What Do We Know about Early-Onset Dementia?

Rita Benezra Obeiter, 59, is a former pediatrician who was diagnosed several years ago with early-onset dementia, a rare form of the disease. When this occurs in people under age 65, the conditions cause additional and unique issues because they are so unexpected and because most of the potentially helpful programs and services are designed for and targeted to older people.

One issue is that doctors typically don’t look for the disease in younger patients. As a result, it can be months or even years before the right diagnosis is made and proper treatment can start.

WLNY’s recent article entitled “Some Health Care Facilities Say They’re Seeing More Cases Of Early-Onset Dementia Than Ever Before” reports that her husband Robert Obeiter left his job two years ago to care for her. She attends an adult day care, and aides help at home at night.

If Dementia is a generic term for diseases characterized by a decline in memory, language, and other thinking skills required to perform everyday activities, Alzheimer’s is the most common. The National Institute of Health reports that there’s approximately 200,000 Americans in their 40s, 50s, and early 60s with early onset Alzheimer’s.

One conference discussed a rise in early dementia because of the processed foods and fertilizers or the other environmental hazards, and there are definitely some genes more associated with Alzheimer’s—more so with early onset.”

There is no clear answer, and most of the treatments help to slow down the progression.

There is some research showing the Mediterranean diet can be protective, as well as doing cognitive exercises like crossword puzzles and Sudoku.

It’s true that no one can predict the future of their health, but there are ways financially that families can prepare. It can cost $150,000 a year or more. That’s why you should think about purchasing long term care insurance starting at the age of 40.

Long-term health insurance can pay for an aide to come into your home, and it can pay for the cost of assisted living, as well as off-set the cost of skilled care at a nursing home.  In Massachusetts, the average cost of memory care at an assisted living is $8,000 per month and $15,000 per month at a nursing home. Health insurance does not cover long-term care, nor does Medicare.     While everyone over the age of 18 needs a healthcare power of attorney and a financial POA, as we approach our 50s and 60s, considertion should be given to long term care planning.  An elder law attorney can assist you in outlining options and establishing a long term care plan that protects your assets from the devasting financial effects of long term care that enables you to create a legacy for your family and loved ones.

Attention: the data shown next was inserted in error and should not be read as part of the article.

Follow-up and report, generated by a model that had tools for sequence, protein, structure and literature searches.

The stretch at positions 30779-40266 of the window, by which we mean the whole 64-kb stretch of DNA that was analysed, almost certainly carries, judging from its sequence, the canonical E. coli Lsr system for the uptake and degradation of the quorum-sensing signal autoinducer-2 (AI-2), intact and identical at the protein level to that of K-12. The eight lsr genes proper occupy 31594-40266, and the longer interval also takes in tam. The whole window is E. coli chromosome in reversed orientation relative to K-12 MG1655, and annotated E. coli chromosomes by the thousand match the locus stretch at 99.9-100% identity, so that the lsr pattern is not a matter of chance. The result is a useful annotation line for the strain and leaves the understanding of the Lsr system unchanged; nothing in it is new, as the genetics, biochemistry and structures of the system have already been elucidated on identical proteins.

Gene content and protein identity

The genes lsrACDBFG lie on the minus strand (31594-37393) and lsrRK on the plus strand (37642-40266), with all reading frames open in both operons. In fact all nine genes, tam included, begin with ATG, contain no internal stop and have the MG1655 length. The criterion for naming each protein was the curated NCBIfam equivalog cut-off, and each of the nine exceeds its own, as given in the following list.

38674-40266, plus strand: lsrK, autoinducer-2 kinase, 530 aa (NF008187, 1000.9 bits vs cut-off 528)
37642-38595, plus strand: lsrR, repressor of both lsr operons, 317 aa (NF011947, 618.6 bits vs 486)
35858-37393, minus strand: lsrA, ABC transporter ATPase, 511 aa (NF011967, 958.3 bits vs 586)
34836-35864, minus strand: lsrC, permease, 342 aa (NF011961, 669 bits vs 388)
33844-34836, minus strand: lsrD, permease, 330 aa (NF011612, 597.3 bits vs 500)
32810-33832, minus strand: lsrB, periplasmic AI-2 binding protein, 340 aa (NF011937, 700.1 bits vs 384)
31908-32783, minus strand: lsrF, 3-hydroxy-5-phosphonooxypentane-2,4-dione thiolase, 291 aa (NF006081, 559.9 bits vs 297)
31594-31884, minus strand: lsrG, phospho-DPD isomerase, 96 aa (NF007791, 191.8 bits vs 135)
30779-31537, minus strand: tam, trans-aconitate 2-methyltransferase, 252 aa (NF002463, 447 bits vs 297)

Reference: WLNY (Feb. 12, 2020) “Some Health Care Facilities Say They’re Seeing More Cases Of Early-Onset Dementia Than Ever Before”


What Do I Need to Know about Medicare in 2020?

CNBC’s recent article entitled “Here’s what you need to know about your 2020 Medicare costs” reports that Medicare will have some higher costs this year that you may want to factor into your health-care budget.

The Medicare program has about 61 million beneficiaries, most of whom are 65 or older. These people will see certain costs are adjusted by the federal government each year that can impact their premiums, deductibles and other cost-sharing aspects of the program. These changes don’t really involve big dollars. However, those affected should plan for how any increases will make a difference in their household spending.

For a person on a fixed income, all of the small changes can add up. Basic Medicare consists of Part A (hospital coverage) and Part B (outpatient care). Roughly a third of beneficiaries opt to get those benefits delivered through an Advantage Plan that’s offered by private insurers. These types of plans generally also include Part D (prescription drug coverage), and other extras like dental or vision. They also limit what you pay out of pocket for Parts A and B services.